#if swift(>=5.1)
@available(swift, introduced: 5.1)

which says.. no no my Xcode 11.3.1 with Swift 5 should not do that. but the first easy fix did indeed work, kinda surprised. But the other typealias same way fixing does it not (yet)..

Try this:

    .receive(on: DispatchQueue.main.ocombine)

One thing caught my curiosity:

How can (real) Combine have a default implementation of ObservableObject.objectWillChange with a stable address? Extensions can't add new stored properties to an instance.

import Combine

class Test: ObservableObject {}

let testObject = Test()

// If `objectWillChange` is a computed property, how is it able to return
// the same object on each call? Where is the underlying storage?

I thought perhaps they're using associated objects, so I tossed in a objc_removeAssociatedObjects(testObject) between those two lines, but it still worked.

That led to me hope into the debugger to see what the raw machine code was doing. Turns out that objectWillChange calls a private reflection API of the Swift standard library (_forEachField(of:options:body)). Notably, this reflection mechanism bypasses the CustomReflectable mechanism, which is why your example doesn't crash with real Combine. They're accessing the Published properties, and storing the ObservableObjectPublisher instance within those property wrappers.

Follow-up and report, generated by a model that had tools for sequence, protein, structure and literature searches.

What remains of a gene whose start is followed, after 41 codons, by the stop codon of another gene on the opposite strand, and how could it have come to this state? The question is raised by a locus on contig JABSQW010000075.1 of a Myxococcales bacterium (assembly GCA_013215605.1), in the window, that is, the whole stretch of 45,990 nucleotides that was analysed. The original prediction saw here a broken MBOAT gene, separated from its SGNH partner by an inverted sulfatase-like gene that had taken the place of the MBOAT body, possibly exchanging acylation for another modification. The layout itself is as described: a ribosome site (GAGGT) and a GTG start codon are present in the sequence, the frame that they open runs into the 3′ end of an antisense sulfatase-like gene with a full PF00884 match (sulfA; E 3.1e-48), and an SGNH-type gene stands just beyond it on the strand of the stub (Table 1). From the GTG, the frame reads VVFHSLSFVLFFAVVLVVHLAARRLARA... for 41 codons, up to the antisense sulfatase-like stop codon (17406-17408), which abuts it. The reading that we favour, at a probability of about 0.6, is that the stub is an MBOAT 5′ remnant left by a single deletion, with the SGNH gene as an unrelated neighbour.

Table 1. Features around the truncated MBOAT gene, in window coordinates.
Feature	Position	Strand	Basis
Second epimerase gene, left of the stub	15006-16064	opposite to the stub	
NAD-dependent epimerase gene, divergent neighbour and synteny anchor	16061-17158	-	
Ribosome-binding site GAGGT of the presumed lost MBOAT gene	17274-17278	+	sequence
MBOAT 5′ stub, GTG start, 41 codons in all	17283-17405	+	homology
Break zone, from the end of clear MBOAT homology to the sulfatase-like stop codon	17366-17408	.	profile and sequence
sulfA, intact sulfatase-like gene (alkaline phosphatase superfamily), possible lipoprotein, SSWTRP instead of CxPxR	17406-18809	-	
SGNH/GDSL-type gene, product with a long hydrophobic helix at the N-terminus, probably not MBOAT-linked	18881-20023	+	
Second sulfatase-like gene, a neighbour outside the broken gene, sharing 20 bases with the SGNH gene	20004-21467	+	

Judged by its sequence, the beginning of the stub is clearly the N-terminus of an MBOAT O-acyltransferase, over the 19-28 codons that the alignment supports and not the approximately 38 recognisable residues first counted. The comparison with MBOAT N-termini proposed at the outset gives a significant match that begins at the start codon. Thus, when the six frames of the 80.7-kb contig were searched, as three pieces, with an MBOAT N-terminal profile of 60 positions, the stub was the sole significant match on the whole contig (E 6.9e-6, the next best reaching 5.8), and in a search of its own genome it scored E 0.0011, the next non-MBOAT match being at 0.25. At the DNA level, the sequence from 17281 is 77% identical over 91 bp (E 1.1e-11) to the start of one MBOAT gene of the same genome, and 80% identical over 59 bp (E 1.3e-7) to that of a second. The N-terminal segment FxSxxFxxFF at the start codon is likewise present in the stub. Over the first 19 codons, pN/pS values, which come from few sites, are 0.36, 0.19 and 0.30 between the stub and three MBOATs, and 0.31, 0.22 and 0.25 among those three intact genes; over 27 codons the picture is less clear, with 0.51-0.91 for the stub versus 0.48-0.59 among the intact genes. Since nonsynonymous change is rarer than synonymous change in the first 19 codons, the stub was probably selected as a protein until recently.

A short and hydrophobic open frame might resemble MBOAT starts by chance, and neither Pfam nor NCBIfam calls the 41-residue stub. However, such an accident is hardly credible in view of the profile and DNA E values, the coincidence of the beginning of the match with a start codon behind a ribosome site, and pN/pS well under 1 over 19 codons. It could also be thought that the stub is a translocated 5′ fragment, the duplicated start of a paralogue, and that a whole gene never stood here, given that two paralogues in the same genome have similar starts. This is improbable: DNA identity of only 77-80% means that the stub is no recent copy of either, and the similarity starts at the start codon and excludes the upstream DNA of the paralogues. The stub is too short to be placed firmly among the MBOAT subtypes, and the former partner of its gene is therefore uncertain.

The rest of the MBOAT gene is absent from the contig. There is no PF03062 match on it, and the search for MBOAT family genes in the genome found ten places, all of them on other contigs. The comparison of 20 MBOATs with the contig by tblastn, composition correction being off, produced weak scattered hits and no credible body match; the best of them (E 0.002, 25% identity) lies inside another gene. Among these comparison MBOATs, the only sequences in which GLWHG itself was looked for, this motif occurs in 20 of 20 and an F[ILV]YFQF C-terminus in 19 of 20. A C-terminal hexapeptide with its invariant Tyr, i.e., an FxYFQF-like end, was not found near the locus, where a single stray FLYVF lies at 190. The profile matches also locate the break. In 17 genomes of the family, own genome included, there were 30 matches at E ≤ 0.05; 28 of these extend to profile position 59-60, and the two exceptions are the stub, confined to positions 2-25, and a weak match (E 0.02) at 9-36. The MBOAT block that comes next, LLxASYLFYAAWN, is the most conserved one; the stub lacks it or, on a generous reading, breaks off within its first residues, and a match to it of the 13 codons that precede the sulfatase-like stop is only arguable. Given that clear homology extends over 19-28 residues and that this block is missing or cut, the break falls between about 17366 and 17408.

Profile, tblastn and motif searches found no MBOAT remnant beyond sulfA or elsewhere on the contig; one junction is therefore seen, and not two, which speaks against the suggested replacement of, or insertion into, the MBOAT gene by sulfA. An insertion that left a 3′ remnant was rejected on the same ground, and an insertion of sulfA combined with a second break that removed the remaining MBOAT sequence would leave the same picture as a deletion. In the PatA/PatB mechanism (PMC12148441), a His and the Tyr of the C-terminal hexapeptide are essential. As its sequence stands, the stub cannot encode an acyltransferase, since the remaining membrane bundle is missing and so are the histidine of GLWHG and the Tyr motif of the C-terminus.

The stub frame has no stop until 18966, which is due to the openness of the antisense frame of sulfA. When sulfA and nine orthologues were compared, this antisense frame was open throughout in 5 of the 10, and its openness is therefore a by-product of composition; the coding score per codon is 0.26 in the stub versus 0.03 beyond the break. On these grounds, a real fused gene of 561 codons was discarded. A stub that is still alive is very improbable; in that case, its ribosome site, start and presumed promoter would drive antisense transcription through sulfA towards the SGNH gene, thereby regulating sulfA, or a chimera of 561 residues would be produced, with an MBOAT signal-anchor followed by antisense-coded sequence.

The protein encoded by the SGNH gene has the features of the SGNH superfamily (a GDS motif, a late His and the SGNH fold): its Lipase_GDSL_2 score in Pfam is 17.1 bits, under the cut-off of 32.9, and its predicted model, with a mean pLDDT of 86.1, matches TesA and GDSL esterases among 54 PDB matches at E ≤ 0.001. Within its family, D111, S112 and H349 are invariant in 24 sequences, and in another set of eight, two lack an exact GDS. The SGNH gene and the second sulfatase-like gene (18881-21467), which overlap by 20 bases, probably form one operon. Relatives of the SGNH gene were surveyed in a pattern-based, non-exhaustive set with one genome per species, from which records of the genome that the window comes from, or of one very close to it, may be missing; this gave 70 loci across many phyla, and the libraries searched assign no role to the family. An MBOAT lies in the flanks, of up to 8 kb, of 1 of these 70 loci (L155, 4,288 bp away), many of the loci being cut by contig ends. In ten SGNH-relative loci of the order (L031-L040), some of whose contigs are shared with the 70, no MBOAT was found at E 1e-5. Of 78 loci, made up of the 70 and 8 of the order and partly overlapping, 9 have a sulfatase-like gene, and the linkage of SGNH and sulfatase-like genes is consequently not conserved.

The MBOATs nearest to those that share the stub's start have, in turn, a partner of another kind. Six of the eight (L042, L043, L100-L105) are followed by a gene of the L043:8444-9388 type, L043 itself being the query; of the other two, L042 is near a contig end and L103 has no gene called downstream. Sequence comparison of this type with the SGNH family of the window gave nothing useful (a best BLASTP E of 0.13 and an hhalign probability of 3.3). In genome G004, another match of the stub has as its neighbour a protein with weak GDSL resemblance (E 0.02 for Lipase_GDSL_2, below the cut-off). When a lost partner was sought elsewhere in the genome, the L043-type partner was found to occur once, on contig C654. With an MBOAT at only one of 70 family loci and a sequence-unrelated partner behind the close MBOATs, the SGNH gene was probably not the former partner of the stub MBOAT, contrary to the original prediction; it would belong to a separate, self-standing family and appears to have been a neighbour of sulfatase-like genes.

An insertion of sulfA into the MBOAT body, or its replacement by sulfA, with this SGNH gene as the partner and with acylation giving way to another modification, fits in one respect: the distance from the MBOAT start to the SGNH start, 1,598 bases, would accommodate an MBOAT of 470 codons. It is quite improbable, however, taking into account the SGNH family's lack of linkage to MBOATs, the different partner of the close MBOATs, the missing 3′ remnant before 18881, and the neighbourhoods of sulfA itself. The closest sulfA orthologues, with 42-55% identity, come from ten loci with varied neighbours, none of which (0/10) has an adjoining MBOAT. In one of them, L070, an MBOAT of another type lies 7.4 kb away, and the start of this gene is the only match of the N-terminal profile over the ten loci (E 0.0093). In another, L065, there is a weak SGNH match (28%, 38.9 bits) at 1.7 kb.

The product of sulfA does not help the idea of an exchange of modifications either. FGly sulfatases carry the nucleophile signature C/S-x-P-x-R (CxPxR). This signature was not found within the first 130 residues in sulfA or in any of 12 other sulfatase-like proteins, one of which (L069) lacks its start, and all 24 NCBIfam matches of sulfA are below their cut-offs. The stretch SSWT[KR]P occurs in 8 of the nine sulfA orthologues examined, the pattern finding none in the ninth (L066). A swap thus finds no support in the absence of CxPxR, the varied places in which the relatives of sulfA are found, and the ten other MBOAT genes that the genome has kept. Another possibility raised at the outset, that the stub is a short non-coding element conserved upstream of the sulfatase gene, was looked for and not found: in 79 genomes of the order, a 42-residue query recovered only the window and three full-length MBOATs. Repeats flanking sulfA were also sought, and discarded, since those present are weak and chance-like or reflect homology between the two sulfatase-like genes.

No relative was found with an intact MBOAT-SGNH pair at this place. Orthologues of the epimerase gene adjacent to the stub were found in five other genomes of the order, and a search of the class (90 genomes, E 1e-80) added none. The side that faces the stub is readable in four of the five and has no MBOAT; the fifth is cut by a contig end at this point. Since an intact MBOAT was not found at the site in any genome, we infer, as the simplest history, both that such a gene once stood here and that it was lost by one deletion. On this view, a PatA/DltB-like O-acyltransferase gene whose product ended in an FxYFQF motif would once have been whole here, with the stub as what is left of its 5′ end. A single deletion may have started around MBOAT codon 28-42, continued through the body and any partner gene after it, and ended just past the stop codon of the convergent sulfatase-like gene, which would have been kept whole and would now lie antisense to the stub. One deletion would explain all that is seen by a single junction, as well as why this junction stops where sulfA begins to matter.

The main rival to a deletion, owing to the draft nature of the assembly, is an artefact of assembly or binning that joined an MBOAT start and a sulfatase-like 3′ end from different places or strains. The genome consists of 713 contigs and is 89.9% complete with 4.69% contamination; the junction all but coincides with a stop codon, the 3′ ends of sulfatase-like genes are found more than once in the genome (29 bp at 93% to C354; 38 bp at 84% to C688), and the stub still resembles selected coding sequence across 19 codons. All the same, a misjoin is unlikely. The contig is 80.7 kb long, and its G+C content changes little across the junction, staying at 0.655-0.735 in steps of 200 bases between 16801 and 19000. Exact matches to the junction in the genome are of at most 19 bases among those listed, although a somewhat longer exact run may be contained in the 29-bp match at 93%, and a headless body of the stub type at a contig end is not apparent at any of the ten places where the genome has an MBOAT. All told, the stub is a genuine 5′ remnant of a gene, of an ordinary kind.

From a performance, I think this make sense. The property wrapper _enclosingInstance approach requires a dynamic type-check of self on every setting of a property. In contrast, this reflection approach just does some pricy reflection once up-front on the construction of an ObservableObject, but the main flow (emitting events when Published properties change) can be simpler.


Here's a previous thread (2019) where this was also discussed:

The implementation of objectWillChange is a bit sneaky; there is no associated object. Instead we take advantage of knowing the metadata layout and key paths and access the existing storage from our wrapper. On the surface it seems like an associated object but in reality it is more like a metadata lens.